You can’t run away from life, your problems, or puberty….
No. of pages: 293
JAMES AND ALEX have barely anything in common anymore—least of all their experiences in high school, where James is a popular senior and Alex is suddenly an outcast. But at home, there is Henry, the precocious 10-year-old across the street, who eagerly befriends them both. And when Alex takes up running, there is James’s friend Nathen, who unites the brothers in moving and unexpected ways.
“What They Always Tell Us” is a scrappy dark horse of a novel with a strong sense on how those gossipy conversations that take place behind closed doors can impact a life. How the struggle to keep up appearances can weigh down and debilitate. That living one’s truth is the only way to find happiness. And although this books deals with issues of coming out as gay, these same points apply to the rest of the cast in varying degrees. Being so invested in what other people think is crippling.
Having said that, this book is not heavy, it’s light and comical with a serious undertone. The characters are realistic and likable; I felt like I could walk down my street and run into any one of the cast.
Brothers Alex and James’ journey epitomises issues we all face, and the narrative is clever. The dilemmas they tackle encompass many questions we face coming into adulthood and discovering what we are made of. The point which is cleverly made, is that coming out is universal, not just for individuals grappling with sexual identity. Their relationships feel organic and rings true to many friendships that I had in high school. Sometimes you simply see things differently and your perspective on life changes.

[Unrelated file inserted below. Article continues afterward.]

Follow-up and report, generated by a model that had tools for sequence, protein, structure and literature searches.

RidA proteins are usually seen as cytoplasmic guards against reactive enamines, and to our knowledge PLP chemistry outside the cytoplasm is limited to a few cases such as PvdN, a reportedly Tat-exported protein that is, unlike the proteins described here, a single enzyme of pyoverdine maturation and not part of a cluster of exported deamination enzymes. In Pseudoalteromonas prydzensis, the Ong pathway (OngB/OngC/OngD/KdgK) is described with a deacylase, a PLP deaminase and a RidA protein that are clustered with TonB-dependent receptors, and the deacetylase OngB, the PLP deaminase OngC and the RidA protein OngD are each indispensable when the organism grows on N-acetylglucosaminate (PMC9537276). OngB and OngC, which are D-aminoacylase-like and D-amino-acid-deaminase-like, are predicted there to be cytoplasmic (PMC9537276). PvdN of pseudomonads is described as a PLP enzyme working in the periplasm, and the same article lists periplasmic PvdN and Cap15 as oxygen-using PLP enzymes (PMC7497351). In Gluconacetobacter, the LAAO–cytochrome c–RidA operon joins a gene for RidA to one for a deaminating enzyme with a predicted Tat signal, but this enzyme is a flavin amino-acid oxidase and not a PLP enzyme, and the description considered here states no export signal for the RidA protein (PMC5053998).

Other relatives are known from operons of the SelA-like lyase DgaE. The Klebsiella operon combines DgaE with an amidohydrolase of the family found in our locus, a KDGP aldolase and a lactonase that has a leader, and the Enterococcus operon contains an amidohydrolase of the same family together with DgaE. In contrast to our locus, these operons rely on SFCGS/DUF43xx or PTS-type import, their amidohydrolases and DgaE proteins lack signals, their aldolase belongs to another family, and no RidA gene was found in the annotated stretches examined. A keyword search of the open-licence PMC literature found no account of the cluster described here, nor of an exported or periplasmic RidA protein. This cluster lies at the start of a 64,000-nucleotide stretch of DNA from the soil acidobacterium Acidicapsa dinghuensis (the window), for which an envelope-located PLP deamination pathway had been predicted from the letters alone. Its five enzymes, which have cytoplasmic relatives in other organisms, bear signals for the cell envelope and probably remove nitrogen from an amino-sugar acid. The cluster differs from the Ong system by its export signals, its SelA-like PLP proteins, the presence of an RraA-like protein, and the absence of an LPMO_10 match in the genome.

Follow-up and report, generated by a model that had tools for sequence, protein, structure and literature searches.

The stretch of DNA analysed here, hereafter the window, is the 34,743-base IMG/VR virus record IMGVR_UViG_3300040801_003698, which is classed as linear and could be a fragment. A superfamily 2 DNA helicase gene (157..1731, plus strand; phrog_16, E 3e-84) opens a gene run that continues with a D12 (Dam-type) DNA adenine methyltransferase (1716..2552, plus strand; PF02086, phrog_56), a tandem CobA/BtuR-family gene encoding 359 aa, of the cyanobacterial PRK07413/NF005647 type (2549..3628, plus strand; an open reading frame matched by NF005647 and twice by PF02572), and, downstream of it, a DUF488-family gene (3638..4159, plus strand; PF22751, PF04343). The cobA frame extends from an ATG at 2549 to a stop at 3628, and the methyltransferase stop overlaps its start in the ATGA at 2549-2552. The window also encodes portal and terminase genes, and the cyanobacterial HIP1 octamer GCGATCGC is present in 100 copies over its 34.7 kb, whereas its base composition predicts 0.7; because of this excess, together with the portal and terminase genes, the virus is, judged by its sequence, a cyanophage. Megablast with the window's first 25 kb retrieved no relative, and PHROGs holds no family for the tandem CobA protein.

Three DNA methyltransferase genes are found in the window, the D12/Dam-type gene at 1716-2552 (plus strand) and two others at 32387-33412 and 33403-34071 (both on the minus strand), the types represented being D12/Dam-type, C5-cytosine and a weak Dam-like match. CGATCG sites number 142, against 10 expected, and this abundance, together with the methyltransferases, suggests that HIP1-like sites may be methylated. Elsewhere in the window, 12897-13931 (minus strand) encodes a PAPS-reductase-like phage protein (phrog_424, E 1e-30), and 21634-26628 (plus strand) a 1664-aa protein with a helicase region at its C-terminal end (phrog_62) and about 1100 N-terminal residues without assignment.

I too grew up in a small town and could not wait to get out.
The growing relationship between Alex and Nathen is so indicative of discovering love and coming out in high school, I found it poetically beautiful.
Henry, the ten-year-old neighbour is a breath of fresh air, and a voice of reason. Even though you can see his cogs turning during moments of quiet stoicism, his blatant honesty cuts right to the heart of so many issues.
I really liked the dual perspective in this novel – and the fact there is more than one story line. With so much going on, I was surprised that it felt a little flat. Even the ending was somewhat anticlimactic. I wanted something poignant or symbolic of their growth (other than graduation).
I have a lot of praise for this contemporary for its realism. But I guess with realism, you lose that fantastical happy ending – because, well, life goes on…
A fast melancholic read. Understated.
Overall feeling: quietly cool
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